First-Generation Student Wins Prestigious Internship


Rashda Khan
Danny Guevara, a UH undergrad studying mechanical engineering, heads to the Lawrence Berkeley National Laboratory in California.
Danny Guevara, a UH undergrad studying mechanical engineering, heads to the Lawrence Berkeley National Laboratory in California.

UH Engineering Undergrad Headed for Lawrence Berkeley National Lab


Danny Guevara, a first-generation college student at the University of Houston, was recently selected for the prestigious Science Undergraduate Laboratory Internships (SULI) program. He will spend the fall semester conducting research at the Lawrence Berkeley National Laboratory in California.

“As a mechanical engineer intern, I will be conducting field walks and reliability assessment of mechanical equipment rooms, mark-up piping drawings to show actual field conditions, and assist engineering construction managers to conduct mechanical related work at the construction site,” said Guevara, who is pursuing a bachelor’s in mechanical engineering at the Cullen College of Engineering.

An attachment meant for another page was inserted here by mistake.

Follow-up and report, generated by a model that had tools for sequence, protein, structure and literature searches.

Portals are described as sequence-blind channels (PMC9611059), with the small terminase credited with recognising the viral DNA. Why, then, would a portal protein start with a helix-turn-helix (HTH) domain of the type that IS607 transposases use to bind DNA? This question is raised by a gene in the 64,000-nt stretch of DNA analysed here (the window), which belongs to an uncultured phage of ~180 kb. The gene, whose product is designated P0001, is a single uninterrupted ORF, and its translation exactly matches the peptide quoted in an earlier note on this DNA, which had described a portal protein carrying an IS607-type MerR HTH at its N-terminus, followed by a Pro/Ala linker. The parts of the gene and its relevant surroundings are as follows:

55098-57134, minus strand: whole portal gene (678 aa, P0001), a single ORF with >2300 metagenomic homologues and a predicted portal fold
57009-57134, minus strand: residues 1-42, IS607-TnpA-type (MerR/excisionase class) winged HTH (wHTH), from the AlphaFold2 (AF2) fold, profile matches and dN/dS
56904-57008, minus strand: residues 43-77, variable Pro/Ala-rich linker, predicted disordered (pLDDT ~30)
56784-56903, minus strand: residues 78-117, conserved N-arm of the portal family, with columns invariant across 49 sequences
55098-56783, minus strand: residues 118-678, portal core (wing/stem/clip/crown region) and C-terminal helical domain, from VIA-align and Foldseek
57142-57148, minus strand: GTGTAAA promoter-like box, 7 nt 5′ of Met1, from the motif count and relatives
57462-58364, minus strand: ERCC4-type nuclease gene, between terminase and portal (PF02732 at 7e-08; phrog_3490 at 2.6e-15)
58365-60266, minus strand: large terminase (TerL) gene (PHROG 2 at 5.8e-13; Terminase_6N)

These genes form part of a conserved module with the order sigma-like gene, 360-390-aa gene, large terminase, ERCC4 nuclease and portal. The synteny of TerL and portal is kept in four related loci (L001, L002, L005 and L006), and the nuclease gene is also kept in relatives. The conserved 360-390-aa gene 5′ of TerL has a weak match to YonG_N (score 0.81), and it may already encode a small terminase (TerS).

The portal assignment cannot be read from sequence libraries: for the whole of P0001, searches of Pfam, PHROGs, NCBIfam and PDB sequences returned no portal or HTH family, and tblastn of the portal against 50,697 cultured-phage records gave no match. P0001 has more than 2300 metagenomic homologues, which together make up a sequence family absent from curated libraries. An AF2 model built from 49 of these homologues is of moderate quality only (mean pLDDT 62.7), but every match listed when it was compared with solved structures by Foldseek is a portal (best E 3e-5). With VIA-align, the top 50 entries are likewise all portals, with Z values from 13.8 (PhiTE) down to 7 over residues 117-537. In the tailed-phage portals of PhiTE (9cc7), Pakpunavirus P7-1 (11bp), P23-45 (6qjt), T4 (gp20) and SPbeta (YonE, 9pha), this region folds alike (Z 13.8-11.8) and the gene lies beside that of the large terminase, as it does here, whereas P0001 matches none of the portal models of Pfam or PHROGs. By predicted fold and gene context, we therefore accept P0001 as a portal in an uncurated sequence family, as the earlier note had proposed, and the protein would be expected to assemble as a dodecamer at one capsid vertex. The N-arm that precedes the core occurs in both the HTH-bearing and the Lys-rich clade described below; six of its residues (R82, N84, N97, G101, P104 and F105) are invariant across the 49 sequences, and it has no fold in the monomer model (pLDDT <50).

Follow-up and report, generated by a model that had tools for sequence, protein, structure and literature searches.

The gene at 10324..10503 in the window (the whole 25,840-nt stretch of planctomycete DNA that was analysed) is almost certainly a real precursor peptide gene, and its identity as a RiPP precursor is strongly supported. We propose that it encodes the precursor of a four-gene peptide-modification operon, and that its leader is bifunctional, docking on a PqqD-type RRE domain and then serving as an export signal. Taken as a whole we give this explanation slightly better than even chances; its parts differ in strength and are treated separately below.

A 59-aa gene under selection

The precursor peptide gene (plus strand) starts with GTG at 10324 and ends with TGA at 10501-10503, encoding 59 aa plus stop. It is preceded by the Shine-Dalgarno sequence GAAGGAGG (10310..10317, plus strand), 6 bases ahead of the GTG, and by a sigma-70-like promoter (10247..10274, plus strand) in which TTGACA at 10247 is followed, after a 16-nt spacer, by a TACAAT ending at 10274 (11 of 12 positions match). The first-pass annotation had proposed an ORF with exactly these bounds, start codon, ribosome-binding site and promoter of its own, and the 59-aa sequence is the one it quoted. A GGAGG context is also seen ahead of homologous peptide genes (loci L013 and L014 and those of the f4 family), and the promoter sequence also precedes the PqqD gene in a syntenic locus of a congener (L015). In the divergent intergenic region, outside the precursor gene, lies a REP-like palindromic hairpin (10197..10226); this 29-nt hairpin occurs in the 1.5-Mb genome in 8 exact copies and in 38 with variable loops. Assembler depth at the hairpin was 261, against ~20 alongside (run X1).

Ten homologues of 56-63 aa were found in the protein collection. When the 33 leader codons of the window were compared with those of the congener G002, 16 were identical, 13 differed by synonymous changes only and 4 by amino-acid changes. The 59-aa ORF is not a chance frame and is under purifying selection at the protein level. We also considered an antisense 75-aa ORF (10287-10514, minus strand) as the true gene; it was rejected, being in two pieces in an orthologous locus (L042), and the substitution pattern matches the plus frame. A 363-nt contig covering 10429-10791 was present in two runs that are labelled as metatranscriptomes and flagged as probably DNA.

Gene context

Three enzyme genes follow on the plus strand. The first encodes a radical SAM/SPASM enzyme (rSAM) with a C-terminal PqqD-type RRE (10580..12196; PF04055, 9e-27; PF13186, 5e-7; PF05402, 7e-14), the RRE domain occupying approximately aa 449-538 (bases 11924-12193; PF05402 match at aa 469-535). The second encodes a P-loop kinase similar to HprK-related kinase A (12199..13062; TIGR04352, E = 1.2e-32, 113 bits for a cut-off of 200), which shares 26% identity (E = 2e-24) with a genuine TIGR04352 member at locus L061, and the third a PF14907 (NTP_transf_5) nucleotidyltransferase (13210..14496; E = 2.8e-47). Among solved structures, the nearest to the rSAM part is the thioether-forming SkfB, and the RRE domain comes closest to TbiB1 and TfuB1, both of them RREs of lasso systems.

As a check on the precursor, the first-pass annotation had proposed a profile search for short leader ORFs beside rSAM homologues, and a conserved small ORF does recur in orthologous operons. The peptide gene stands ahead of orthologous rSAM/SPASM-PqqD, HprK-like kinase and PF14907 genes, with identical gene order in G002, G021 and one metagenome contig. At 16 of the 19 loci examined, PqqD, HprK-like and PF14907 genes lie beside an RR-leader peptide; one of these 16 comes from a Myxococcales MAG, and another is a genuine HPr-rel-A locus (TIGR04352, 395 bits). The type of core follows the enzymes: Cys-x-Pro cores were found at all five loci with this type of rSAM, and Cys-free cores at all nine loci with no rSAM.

Guevara’s academic journey stems from a childhood propensity to disassemble toys and other objects around his home. “I was always curious about how things were produced and assembled,” he said. “This mentality allowed me to look at objects and my environment in a different perspective.”

He hopes to gain a better understanding of thermodynamics, hydraulic systems and heat transfer applications while contributing to ongoing research at the laboratory during his internship.

“This experience will help me further understand what it is to be a mechanical engineer in a professional setting,” he said.

Guevara, who is interested in the dynamics of human motion, works in the UH research lab of Christopher J. Arellano, assistant professor in the department of health and human performance. There, he assists with research projects and helps build and design custom structures for future biomechanics experiments.

He is also a member of the Society of Hispanic Professional Engineers (SHPE) and the American Society of Mechanical Engineers (ASME), both of which he credits for giving him opportunities to grow – from attending leadership conferences to using 3-D software to help design, construct and test a prosthetic arm for children. He has also served as a physics tutor with the Scholar Enrichment Program.

Guevara plans to earn a master’s degree with a concentration in biomechanics.


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